Limit your abstractions

While trying to find a better alternative to our “pass-the-ball” architecture (webform ->code behind-> presenter->controller) for my app, I have stumbled upon interesting bite-sized series Limit your abstractions by Ayende.

It basically starts with a code from ndddsample and shows what is wrong (in his opinion) with it (events, too much useless abstraction).


  1. Analyzing a DDD application – The abstration is non-abstracted abstraction. Basically only extracted interfaces.
  2. Application Events–the wrong way
  3. Application Events–what about change? – What if we have new state, e.g. lost cargo
  4. Application Events–Proposed Solution #1
  5. Reflections on the Interface Segregation Principle
  6. Application Events–Proposed Solution #2–Cohesion
  7. Application Events–event processing and RX
  8. You only get six to a dozen in the entire app
  9. Commands vs. Tasks, did you forget the workflow?
  10. All cookies looks the same to the cookie cutter
  11. So what is the whole big deal about?
  12. Refactoring toward reduced abstractions
  13. The key is in the infrastructure…
  14. And how do you handle testing?


public override void InspectCargo(TrackingId trackingId)
  Validate.NotNull(trackingId, "Tracking ID is required");

  Cargo cargo = cargoRepository.Find(trackingId);
  if (cargo == null)
    logger.Warn("Can't inspect non-existing cargo " + trackingId);

  HandlingHistory handlingHistory = handlingEventRepository.LookupHandlingHistoryOfCargo(trackingId);


  if (cargo.Delivery.Misdirected)

  if (cargo.Delivery.UnloadedAtDestination)

This is actual business method that does business logic method. It violates Single Responsiblity Principle (it looks up the delivery history and dispatches events) and Open Closed Principle (if we add or change cargo state, e.g. cargo is lost, we have to modify the class).

There are of course many possible solutions to event handling and dispatching, some are discussed. I didn’t know about Reactive Extensions, rather nice.

Non-abstracted abstraction

According to Ayende, the code should have a very limited amount (<10) of abstractions, he proposes following abstractions are good enough for most projects.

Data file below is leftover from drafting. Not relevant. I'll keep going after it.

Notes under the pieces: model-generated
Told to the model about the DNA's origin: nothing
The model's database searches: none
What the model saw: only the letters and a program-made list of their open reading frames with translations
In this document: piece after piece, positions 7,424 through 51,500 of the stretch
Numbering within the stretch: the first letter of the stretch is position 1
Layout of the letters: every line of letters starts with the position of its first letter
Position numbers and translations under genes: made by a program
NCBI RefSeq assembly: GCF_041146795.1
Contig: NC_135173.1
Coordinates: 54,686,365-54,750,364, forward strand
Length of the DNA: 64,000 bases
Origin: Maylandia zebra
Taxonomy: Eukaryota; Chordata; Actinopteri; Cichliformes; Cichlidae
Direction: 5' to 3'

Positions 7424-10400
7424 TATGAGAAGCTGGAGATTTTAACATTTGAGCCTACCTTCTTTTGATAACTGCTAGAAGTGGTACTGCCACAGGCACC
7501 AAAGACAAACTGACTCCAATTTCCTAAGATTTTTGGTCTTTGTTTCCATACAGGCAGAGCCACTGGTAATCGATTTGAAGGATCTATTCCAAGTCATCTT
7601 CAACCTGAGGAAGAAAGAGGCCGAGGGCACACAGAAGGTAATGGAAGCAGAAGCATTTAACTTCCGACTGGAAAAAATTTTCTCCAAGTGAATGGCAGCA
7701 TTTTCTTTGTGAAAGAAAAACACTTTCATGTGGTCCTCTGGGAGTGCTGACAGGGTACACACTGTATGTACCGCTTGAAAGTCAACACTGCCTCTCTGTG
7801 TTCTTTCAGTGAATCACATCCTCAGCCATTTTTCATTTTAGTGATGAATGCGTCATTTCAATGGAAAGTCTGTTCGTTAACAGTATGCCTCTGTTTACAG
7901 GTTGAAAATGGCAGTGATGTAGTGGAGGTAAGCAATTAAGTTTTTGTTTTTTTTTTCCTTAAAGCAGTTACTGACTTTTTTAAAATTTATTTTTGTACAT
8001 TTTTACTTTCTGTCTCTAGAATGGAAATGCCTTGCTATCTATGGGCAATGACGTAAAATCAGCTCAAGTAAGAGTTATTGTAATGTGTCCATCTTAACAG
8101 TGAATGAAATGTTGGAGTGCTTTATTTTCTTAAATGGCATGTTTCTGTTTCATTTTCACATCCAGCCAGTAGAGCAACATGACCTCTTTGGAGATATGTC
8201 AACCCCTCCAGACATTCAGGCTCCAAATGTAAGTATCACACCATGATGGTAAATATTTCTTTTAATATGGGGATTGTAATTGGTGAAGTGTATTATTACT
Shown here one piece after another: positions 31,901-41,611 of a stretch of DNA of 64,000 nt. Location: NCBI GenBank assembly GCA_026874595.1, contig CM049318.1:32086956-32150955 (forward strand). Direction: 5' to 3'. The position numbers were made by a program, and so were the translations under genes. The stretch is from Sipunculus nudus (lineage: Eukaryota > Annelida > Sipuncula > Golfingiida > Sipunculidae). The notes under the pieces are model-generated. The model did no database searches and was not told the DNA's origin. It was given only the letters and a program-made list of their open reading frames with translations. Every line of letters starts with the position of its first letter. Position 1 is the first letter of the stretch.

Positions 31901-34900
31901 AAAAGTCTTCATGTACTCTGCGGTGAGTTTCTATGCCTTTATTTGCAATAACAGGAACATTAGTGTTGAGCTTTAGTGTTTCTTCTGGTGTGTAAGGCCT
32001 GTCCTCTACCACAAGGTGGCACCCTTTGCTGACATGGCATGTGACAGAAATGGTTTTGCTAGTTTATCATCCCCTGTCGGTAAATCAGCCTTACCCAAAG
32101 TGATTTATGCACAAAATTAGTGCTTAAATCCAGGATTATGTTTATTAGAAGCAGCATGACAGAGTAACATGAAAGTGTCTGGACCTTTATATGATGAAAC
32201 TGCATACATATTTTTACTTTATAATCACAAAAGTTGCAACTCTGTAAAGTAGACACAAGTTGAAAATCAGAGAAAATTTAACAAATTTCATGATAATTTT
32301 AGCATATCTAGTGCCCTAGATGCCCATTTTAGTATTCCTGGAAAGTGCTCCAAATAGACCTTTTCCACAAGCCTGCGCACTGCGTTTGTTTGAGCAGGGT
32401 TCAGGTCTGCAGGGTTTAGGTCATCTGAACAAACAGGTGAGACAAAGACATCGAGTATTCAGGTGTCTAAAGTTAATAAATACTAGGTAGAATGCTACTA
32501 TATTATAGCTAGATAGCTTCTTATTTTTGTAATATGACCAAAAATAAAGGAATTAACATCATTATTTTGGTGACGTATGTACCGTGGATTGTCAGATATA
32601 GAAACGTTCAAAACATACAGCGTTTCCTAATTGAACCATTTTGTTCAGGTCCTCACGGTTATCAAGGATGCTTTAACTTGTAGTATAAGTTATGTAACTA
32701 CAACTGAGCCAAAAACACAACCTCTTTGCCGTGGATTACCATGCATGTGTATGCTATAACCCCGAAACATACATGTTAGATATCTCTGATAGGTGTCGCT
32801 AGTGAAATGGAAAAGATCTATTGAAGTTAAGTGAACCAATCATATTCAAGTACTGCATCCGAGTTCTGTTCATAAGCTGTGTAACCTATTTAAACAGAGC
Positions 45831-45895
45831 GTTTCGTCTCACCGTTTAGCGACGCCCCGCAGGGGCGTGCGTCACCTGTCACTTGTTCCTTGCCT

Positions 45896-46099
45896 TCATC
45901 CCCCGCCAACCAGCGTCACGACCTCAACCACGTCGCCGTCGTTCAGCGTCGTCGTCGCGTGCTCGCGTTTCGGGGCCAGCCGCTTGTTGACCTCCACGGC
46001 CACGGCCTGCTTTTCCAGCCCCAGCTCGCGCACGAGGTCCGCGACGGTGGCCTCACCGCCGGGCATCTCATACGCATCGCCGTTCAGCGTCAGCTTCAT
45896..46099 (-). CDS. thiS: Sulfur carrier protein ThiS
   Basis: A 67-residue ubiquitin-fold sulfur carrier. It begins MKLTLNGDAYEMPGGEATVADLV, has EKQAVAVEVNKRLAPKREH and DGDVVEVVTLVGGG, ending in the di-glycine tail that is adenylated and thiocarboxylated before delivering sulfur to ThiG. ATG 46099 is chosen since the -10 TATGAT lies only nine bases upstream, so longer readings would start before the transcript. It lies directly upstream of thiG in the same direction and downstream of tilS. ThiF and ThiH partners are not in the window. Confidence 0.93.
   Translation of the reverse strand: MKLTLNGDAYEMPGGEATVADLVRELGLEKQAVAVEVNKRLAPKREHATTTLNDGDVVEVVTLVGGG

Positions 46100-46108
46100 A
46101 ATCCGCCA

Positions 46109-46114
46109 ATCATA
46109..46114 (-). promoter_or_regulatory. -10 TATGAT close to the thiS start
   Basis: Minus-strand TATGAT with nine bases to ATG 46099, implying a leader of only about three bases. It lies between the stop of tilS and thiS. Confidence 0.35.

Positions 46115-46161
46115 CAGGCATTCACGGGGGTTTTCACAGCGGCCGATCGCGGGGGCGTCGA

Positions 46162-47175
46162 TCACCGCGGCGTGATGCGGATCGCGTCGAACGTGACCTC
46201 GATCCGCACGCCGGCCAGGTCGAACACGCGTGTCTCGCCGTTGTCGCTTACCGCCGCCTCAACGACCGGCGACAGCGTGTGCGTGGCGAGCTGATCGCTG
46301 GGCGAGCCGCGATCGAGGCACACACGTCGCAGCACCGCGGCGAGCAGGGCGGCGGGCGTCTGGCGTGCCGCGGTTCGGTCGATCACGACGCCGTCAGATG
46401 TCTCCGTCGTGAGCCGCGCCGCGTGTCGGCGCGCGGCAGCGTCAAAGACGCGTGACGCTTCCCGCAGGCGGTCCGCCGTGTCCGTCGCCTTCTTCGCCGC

1. Controllers
  3. Entities
  4. Commands
  5. Tasks
  6. Events
  7. Queries

Creating an abstraction always has a cost, sometimes small, sometimes large, see Abstract Factory Factory Façade Factory. Use your abstractions carefully.

My notes

Definitely worth reading, but I wonder how does proposed reduced solution work in a real project with more complex operations and larger teams.

Basically, he puts the code into a self-container Command class that contains all the logic and calls it from the MVC action. The queries are also self contained classes that get their result using Query method of the Command.

public ActionResult Register(string originUnlocode, string destinationUnlocode, DateTime arrivalDeadline)
    var trackingId = ExecuteCommand(new RegisterCargo
        OriginCode = originUnlocode,
        DestinationCode = destinationUnlocode,
        ArrivalDeadline = arrivalDeadline

    return RedirectToAction(ShowActionName, new RouteValueDictionary(new { trackingId }));
public abstract class Command
    public IDocumentSession Session { get; set; }
    public abstract void Execute();

    protected TResult Query<TResult>(Query<TResult> query);

public abstract class Command<T> : Command
    public T Result { get; protected set; }

public class RegisterCargo : Command<string>
    public override void Execute()
        var origin = Session.Load<Location>(OriginCode);
        var destination = Session.Load<Location>(DestinationCode);

        var trackingId = Query(new NextTrackingIdQuery());

        var routeSpecification = new RouteSpecification(origin, destination, ArrivalDeadline);
        var cargo = new Cargo(trackingId, routeSpecification);

        Result = trackingId;

    public string OriginCode { get; set; }
    public string DestinationCode { get; set; }
    public DateTime ArrivalDeadline { get; set; }

In the end, he uses hand-coded mocking which I find rather distasteful

public void ExecuteCommand(Command cmd)
  if (AlternativeExecuteCommand!= null)

It seems much easier and maintainable just to create ICommandExecutor or even virtual method that can be overriden.